In Brazil, government, health groups work to shield isolated Indian tribes from disease

Despite working for seven years with indigenous tribes in Brazil that have had no contact with the outside world, the closest Carlos Travassos had ever been to any was earlier this month, when he and his team treated seven Indians for the flu.      

Travassos, who is the general coordinator of isolated and recently contacted Indians for the Brazilian government’s indigenous affairs department, FUNAI, had one word for the encounter: “tense.”

Late last month, the group of seven Indians first walked into a village called Simpatia — or ‘Niceness’ — deep in the Brazilian Amazon, near the Peruvian border, in the Kampa Indian reserve in Acre state. The Ashaninka — a so-called contacted tribe because its members have had encounters with outsiders — live there.

There were five men and two women, between the ages of about 13 and 21. All seven caught the flu, a potentially life-threatening illness for them.

Travassos and a multi-disciplinary team got there as quickly as they could.  

“It was a difficult situation, a tense situation, and within this situation you could perceive a reaction of distrust,” Travassos said. It wasn’t just the lives of the seven who were in danger; there also was the risk that they could infect the rest of the tribe.

On Friday, Travassos, Brazilian Health Minister Arthur Chioro, FUNAI President Maria Assirati and other specialists met to discuss contingency plans for more potential contacts in the area.

For recently contacted Indian tribes, simple respiratory diseases can be deadly, said Rebecca Spooner, a campaign officer for Survival International, a British non-governmental organization that works to protect indigenous tribes. “It’s very common for half the tribe to be wiped out within a few months of contact,” Spooner said by phone from London.

Just 818,000 of Brazil’s 191 million people are indigenous, according to the most recent census, in 2010. At least 77 groups of uncontacted Indians are believed to be in the Amazon.

Travassos’s team included Douglas Rodrigues, an Indian specialist from the Federal University of São Paulo, and two interpreters.

“We had a doctor who was very experienced,” Travassos said. “We had two very experienced interpreters who knew how to handle this contact.”

The seven were taken to a nearby FUNAI base, treated and kept under observation for five days. Although they arrived naked, almost immediately they put on the odd piece of clothing, Rodrigues said by phone from São Paulo.


The Indians were “curious and frightened,” he said. “They thought they could die. . . . Although their immune system works as well as yours or mine, for them, respiratory illnesses are completely new.”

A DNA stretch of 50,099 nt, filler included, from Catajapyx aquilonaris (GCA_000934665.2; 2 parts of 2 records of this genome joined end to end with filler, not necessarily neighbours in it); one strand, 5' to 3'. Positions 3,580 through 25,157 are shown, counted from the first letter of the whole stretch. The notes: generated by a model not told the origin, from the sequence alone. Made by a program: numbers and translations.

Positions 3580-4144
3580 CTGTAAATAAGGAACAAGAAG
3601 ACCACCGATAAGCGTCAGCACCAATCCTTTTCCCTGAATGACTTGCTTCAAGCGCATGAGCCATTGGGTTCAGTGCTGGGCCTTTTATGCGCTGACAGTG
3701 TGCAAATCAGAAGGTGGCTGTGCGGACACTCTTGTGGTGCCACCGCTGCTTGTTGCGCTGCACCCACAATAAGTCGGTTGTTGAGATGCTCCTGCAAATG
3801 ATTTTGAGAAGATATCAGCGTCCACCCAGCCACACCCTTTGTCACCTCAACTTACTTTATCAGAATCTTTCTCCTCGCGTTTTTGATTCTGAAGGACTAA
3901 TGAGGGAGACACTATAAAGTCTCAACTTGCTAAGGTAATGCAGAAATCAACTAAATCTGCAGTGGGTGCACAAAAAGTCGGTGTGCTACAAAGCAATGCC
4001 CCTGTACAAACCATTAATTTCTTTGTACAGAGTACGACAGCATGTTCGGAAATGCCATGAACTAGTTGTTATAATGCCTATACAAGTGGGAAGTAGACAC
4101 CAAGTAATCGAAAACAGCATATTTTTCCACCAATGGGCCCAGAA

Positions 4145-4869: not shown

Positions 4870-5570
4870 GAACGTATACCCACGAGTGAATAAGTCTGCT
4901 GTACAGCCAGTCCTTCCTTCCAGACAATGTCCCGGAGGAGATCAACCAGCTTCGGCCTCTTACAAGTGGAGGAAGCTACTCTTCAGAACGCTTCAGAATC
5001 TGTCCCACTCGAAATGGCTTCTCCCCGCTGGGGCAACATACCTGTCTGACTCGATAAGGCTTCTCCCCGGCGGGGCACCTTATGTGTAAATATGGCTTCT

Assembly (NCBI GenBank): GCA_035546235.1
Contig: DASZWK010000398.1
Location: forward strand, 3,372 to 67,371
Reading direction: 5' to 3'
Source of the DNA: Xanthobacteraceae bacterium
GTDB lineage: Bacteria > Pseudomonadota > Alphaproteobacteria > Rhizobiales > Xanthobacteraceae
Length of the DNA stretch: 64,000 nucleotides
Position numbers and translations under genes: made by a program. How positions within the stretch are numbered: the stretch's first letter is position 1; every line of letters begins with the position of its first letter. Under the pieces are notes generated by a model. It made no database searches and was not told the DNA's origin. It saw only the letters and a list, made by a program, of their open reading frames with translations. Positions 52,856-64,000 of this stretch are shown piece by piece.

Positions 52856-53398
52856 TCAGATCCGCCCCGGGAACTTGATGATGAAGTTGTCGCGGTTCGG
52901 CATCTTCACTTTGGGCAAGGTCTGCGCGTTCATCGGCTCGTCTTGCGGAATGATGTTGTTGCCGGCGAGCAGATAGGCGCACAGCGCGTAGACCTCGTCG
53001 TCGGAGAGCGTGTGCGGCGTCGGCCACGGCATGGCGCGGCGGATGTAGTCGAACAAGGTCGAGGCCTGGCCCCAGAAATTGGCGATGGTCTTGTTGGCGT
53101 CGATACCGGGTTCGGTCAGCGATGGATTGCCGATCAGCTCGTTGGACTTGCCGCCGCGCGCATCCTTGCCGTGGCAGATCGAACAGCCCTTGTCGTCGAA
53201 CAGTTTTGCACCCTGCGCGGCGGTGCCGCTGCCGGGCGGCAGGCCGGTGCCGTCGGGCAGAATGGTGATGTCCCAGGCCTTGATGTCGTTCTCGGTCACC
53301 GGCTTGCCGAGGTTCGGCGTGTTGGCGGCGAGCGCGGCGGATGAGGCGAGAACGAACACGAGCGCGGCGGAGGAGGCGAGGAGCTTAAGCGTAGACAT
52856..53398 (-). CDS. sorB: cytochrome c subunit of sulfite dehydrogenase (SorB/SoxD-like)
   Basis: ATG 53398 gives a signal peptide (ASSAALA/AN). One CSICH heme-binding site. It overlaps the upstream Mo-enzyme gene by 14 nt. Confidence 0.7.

The Indians asked what ethnic group the team members were from, Travassos said, and had to be reassured that the medicine they were being given was not a spell.

“They told us a little about their social organization, what they planted in their village,” Travassos said. But they expressed the most interest in engines. “They had been watching boats go up and down the river for many years,” he said. “They had observed the helicopter a few times.”

The group members also said they had encountered “white men” previously and described being shot at.

Survival International said the Indians had been fleeing violence on the Peruvian side of the border, a region where drug trafficking and illegal logging are threatening uncontacted tribes and forcing them into Brazil. “There is a huge amount of conflict in the Amazon at the moment,” Spooner said. Oil and gas exploration is also a threat to Peru’s uncontacted tribes, she said.

Thousands of Amazon Indians were killed or enslaved during a rubber boom around the turn of the 20th century. Many have avoided contact ever since. But the desire for trade — even isolated tribes often have machetes or metal pots they have traded with contacted tribes — a change of policy, or even plain curiosity also could have prompted the contact, Travassos said.

The seven Indians have gone back to their village. “They will have a lot of new information, I don’t know what the reaction from the group will be,” he said.

For them, the modern civilization they previously glimpsed at a distance, chugging up an Amazon river on a boat, or flying past in a distant helicopter, has become a reality.

“Pretty much their whole world is turned upside-down,” Spooner said.

Dom Phillips is The Post’s correspondent in Rio de Janeiro. He has previously written for The Times, Guardian and Sunday Times.

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